An important part of improving products is understanding where problems and pain points currently exist—once the problems are understood, improvements can be made. One of the traps it is easy to fall into is to assume that the problems you have with the product are the problems that everyone has—whilst this is a useful first approximation, product teams carry out processes in order to gather data that is more rigorous, more comprehensive, and more reliable.
Visual Editor Expert Review Framework – This framework was developed by the team designer in conjunction with the Audiences Design team. It's based on The 10 Heuristics for User Interface Design, the Wikimedia Foundation values, and design principles.
- Expert review – UX, UI, Accessibility, Language and Engineering professionals will evaluate the tasks provided against the visual editor expert review framework.
- Usability test usertesting.com research method + demographics screener + protocol – Mobile Web Contributors will attempt to complete the tasks provided.
Although we strive to design features for all humans, in the scope of this project we have identified a type of editor that represents the "persona" of users who we believe that we are in the best position to support and delight.
These users have one or more of the following attributes:
- are using the browser on their mobile device to edit
- are using the visual editor within Wikipedia.org to edit
- have interest/motivation to fix or improve existing pages (not create new pages or perform administrative functions)
This focus allows the product team to craft a rubric for prioritizing attention to contributor attributes.
The prioritization is:
- Experienced editors who are experience on mobile
- Experienced editors who are inexperienced on mobile
- Inexperienced editors who are experienced on mobile
- Inexperienced editors who are inexperienced on mobile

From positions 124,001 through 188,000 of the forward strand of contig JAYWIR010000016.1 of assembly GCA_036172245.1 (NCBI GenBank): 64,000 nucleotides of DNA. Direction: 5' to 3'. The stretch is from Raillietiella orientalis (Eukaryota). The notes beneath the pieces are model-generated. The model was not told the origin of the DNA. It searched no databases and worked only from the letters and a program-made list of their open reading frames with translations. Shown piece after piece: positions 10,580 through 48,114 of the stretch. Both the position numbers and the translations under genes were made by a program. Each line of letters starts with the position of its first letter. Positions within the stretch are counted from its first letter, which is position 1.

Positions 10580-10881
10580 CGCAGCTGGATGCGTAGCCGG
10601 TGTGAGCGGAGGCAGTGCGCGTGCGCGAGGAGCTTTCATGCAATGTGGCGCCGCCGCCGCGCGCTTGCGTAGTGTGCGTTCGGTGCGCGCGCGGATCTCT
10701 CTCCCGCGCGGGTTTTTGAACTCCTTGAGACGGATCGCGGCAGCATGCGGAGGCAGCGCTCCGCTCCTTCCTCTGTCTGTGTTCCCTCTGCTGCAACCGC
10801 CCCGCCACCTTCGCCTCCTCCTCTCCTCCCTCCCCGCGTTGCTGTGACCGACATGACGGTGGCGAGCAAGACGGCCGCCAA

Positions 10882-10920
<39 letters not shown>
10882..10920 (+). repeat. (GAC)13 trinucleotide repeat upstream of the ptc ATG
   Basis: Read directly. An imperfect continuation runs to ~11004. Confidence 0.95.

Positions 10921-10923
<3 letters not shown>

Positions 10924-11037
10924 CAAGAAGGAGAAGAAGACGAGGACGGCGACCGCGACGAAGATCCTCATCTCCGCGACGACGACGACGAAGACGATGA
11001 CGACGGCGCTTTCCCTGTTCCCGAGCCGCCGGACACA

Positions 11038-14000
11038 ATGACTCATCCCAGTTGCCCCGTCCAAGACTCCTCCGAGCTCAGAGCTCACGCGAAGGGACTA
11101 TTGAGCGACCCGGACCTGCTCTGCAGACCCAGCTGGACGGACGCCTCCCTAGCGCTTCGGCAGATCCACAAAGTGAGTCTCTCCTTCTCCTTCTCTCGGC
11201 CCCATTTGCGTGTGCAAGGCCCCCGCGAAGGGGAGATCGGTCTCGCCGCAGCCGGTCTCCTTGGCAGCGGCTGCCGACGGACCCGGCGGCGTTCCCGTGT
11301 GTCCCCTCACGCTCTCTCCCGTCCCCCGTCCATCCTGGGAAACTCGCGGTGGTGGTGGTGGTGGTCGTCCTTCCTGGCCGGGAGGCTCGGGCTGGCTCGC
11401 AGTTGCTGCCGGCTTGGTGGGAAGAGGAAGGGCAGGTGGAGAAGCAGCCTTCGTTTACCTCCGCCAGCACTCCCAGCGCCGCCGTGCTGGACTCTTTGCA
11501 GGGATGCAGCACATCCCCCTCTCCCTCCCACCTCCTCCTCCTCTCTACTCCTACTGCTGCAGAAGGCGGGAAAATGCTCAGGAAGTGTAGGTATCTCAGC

Visual Editor on Mobile Web Usability Testing via Usertesting.com:
Of the 6 tasks tested (getting to edit mode, adding and formatting text, saving edits, adding internal links and adding citations), only the first 3 were performed without much difficulty or confusion. Though the participants (who hadn’t previously edited Wikipedia) gave generally positive feedback about the editing process, one participant gave up on the last task in frustration. Not only did participants experience bugs and various feature elements needing improvement, they were sometimes entirely unaware that they didn’t complete a task or completed it incorrectly. Given that the tasks were relatively basic/MVP-level, further design/research iteration is recommended.
In addition to performing a usability study, a study performed by internal (within the Wikimedia Foundation) and industry experts provided insight into the quality of the tool. A dozen experts were chosen in the fields of product, engineering, accessibility, design and RTL scripts. The experts took the usability test and then rated the tool against a values-based rubric that the product designer created based off of Jakob Neilsen's 10 Heuristics for User Interface.